The downside of Brasilia
Again, this is urbanism rather than surveillance, but here are some more musings and pictures on the urban form of Brasilia. Yesterday, I posted a lot of conventionally attractive shots of the buildings around the monumental axis of Brasilia. However, leaving aside the wider question of whether Brasilia outside of the planned centre functions as a city, there is a rather less beautiful side to the core.
This mainly has to do with the practical consequences of the philosophy behind the plan and particularly with functional separation and transport. As I noted when I first arrived, the city is dominated by roads. 5-lane highways run down either side of the monumental axis, and it is crossed by two major motorways in deep cuttings, with all the attendant slipways. These probably look very attractive as bold curving lines on a plan. They may even function if you are traveling by car (or bus). But on foot, you are immediately confronted by the unpleasant reality of what is to the pedestrian effectively a huge expanse of carpark and highway separating the areas you might want to be. The functional split between the ‘zones’ only makes this worse. Say you are in the hotel zone that I was staying in and you want to go out for a meal and a drink. Well, that’s 30-minutes walk to the nearest residential centre (where most of the evening options are located). Sure, you can take a taxi, but why should you have to? All the sports clubs are in separate ‘club zones’ even further away from either hotel, commercial or residential districts.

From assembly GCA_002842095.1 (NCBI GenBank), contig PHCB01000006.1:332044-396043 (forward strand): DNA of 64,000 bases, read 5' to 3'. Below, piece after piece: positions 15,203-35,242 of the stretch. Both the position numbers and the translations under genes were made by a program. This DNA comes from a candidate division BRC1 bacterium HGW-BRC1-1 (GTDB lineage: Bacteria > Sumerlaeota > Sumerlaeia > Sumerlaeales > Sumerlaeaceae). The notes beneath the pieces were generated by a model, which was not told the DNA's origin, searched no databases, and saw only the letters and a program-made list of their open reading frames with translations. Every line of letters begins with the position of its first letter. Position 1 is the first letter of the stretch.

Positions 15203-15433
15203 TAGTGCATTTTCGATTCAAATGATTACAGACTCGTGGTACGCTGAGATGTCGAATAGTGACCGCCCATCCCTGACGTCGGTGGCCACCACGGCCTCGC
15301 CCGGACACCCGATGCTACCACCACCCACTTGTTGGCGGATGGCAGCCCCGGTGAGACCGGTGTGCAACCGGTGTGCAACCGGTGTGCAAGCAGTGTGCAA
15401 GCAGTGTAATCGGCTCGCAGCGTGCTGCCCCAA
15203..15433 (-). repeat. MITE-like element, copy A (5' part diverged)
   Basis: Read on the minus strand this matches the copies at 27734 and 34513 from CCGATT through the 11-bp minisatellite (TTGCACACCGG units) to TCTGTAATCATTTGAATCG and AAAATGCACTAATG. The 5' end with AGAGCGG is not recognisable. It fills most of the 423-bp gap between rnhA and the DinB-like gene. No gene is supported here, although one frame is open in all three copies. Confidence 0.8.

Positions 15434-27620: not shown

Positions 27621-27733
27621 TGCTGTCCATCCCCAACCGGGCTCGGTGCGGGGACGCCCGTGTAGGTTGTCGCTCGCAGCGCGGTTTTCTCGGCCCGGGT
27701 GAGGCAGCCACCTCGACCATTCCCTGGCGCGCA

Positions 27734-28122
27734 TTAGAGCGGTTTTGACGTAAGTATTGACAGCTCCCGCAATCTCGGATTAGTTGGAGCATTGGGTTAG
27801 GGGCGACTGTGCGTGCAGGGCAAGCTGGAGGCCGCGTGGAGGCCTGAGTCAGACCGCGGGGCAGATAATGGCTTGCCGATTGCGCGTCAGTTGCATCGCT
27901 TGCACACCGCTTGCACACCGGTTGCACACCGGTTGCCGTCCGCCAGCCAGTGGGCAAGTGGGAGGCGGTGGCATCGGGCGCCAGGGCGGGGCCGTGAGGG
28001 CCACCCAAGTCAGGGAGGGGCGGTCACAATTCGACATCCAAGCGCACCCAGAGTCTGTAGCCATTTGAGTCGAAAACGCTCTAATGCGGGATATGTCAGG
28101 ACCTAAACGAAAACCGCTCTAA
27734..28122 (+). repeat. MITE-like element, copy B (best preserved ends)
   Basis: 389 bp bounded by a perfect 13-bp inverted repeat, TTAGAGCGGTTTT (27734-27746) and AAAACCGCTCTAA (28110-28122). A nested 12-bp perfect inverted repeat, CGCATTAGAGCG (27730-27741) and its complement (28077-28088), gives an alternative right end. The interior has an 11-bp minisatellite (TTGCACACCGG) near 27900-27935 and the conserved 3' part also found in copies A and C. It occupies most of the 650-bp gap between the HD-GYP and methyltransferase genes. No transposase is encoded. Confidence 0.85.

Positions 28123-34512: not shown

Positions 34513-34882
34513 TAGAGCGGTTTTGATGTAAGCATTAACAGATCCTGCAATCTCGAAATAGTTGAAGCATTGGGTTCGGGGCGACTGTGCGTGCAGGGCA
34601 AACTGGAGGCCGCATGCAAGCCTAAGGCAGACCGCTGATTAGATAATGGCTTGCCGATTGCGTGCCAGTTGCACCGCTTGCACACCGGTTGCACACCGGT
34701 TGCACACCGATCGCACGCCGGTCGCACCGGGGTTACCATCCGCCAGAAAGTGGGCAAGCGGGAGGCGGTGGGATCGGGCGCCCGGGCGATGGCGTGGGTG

Now, okay, so the residential districts have most of their facilities (not including clubs) within walking distance – I said in my first impressions blog entry that I could actually imagine living here with a young family. And I still could. Natives of Brasilia are fanatical about the place. The residential districts work. You don’t really have to go anywhere near the soulless and secured shopping centres or take your chances running across massive motorways with uncaring drivers trying their best to ignore you. There is a simple metro system which runs between the districts and the centre (though it was largely closed for the building of new stations when I was there). You can walk around, between and under the blocks. They don’t appear to be totally obsessed with security in the manner of Sao Paulo or indeed most other large Brazilian cities. The blocks have concierges but not fences, walls and gates. Most of the windows do not even have bars.
But there is a reason and a price for this too. The residential zones are simply not socially mixed. Just about everyone who lives in the big blocks is a government or big corporate office employee. The ordinary workers and the poor live elsewhere entirely, in one of the satellite cities of Brasilia, and are bussed in and out via the busy central bus station every day. At the bus station, you find glimpses of the ‘ordinary Brazil’ – the cheap lanchonetes and pastelerias (in fact probably the best pasteleria I have found in Brazil so far)!, sidewalk vendors of DVDs and knock-off jewelry, the beggars, the hungry and the desperate. In many ways I felt more comfortable there than in the dry Le Corbusian dreamspaces of the government buildings.
Anyway, here’s some pictures of the ‘real Brasilia’ – or what it looks like if you stop focusing on the architecture and take a wider view!